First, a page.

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How Hybrid Can Make Work More Accessible for People With Disabilities

No commute, more control, and assistive technologies can transform the work experience and make the “office” more inclusive.

How Hybrid Can Make Work More Accessible for People With Disabilities

No commute, more control, and assistive technologies can transform the work experience and make the “office” more inclusive.

Published 08-19-22

Submitted by HP Inc.

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HP Inc.

By Steven Aquino

The impact of remote work is undeniable: Software like Zoom and Microsoft Teams has become a de facto conference room, employees have traded business suits for loungewear, and commuting time has shrunk to the few minutes it takes to boot up. But while the media has portrayed adapting to remote work as a new phenomenon, many people with disabilities — myself included — have understood and advocated for it for years.

I was born three months premature, and as such, have multiple disabilities. I have cerebral palsy as well as low vision. In my past career as a special education preschool teacher, I would be tired even before clocking in. Getting to the bus stop, waiting, and then walking were as much a job as my actual job. My cerebral palsy causes me to tire quickly, and the commute robbed me of the precious energy I knew was needed to wrangle young children all day.

Since 2013, I’ve been working from home as a freelance journalist. Not having to commute and being able to dictate my own terms have enabled me to be extremely productive, while accessible-tech features like increased text size make it easier for me to read, type, and see things like menu bars on-screen.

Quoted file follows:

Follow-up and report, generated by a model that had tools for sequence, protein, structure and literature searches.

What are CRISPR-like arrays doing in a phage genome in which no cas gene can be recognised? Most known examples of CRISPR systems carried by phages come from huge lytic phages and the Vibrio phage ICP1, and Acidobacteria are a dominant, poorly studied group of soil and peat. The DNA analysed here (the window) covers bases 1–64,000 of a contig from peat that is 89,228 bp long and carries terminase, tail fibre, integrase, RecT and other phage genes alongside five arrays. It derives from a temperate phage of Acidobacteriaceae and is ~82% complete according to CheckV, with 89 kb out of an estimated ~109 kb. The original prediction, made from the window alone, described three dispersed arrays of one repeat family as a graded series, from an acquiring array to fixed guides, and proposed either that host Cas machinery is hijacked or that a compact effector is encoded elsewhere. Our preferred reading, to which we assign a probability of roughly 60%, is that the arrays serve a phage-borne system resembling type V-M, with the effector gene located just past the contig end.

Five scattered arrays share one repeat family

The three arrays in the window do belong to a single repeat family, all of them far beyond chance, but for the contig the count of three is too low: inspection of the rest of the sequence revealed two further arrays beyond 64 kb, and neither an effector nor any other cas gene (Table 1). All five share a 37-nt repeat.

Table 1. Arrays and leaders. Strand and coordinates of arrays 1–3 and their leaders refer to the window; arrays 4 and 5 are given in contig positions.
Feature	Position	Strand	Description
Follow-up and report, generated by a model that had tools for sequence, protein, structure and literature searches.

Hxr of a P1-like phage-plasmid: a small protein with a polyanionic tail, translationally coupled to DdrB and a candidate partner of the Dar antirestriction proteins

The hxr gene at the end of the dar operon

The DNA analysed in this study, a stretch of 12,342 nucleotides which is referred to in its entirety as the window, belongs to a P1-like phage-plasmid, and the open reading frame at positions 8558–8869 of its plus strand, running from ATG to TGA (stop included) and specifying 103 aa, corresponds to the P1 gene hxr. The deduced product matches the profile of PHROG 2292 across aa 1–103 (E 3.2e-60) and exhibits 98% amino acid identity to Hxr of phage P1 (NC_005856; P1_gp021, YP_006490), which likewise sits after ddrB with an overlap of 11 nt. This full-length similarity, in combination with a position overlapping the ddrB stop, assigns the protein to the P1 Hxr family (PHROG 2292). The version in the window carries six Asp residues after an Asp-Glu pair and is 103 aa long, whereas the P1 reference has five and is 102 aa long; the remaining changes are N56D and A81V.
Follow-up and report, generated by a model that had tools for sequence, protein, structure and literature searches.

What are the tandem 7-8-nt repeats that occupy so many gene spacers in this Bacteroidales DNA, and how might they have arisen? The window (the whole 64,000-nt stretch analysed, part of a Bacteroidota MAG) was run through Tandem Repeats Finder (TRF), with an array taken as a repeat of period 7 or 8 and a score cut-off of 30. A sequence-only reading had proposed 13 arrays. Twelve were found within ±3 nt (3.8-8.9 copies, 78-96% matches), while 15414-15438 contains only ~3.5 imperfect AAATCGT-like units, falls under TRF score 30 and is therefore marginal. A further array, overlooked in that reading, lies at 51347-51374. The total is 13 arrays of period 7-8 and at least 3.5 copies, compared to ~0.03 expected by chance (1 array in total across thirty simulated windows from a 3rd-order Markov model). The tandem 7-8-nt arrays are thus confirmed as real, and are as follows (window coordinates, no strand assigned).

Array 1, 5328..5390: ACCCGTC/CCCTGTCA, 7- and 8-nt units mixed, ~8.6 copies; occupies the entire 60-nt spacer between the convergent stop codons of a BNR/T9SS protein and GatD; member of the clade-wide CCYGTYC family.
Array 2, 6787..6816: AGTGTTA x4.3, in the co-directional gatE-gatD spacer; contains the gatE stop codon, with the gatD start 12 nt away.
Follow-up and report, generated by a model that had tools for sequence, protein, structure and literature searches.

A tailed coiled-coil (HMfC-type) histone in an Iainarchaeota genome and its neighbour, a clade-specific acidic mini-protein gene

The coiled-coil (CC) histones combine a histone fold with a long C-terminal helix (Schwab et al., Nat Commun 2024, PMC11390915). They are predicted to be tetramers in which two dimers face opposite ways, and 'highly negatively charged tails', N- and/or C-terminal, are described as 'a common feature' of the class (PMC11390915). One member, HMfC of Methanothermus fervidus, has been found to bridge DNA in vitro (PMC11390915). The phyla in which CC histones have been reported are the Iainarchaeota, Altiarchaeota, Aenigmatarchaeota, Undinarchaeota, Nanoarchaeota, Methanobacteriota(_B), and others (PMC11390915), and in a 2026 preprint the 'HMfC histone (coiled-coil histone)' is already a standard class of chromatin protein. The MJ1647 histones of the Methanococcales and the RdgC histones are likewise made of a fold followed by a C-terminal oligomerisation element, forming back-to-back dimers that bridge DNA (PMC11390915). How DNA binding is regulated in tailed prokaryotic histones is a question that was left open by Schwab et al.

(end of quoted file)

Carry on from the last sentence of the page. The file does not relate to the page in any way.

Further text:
James Rath, a filmmaker and accessibility advocate who is blind, has had a similar experience, with remote work easing the stress associated with getting to an outside location. He calls the disability community “pioneers” of the work-at-home movement, even though now people without disabilities are finding it benefits them in countless other ways. Half of companies already or will soon require full-time, in-person work in the coming year, and research from the Society for Human Resource Management shows that 63% of workers think being required to work in an office doesn’t make sense when work can be done remotely.

“Companies across all industries need to be more attuned to their employees’ needs and desires and adjust accordingly,” says Rath. This is especially crucial for people with disabilities, including disabilities that may not be visible to their coworkers.

Beyond providing the flexibility that so many people enjoy, for me and others with disabilities, remote work is itself a form of accessibility, with benefits for employers as well. In 2021, nearly 6 million people with a disability were employed in the United States — about 19% of the total population of people with disabilities. That’s three times lower than the employment rate for people without disabilities. A recent report from the Center for American Progress found that closing that gap could bring more than 14 million more people with disabilities into the workforce.

“The ability to work from home allows us to create a more-inclusive environment,” says Mike Nash, Chief Customer Experience Officer at HP and executive sponsor of HP’s Global disAbilities Business Impact Networks for employees. “It gives us access to talent and IQ that we might otherwise not have.”

Allowing employees more control

An important factor in making work accessible for all employees is thinking beyond physical or technical accommodations. Employers must also prioritize “attitudinal accommodations” — understanding that remote work is one way to address specific needs and help some employees do their best work, Nash explains.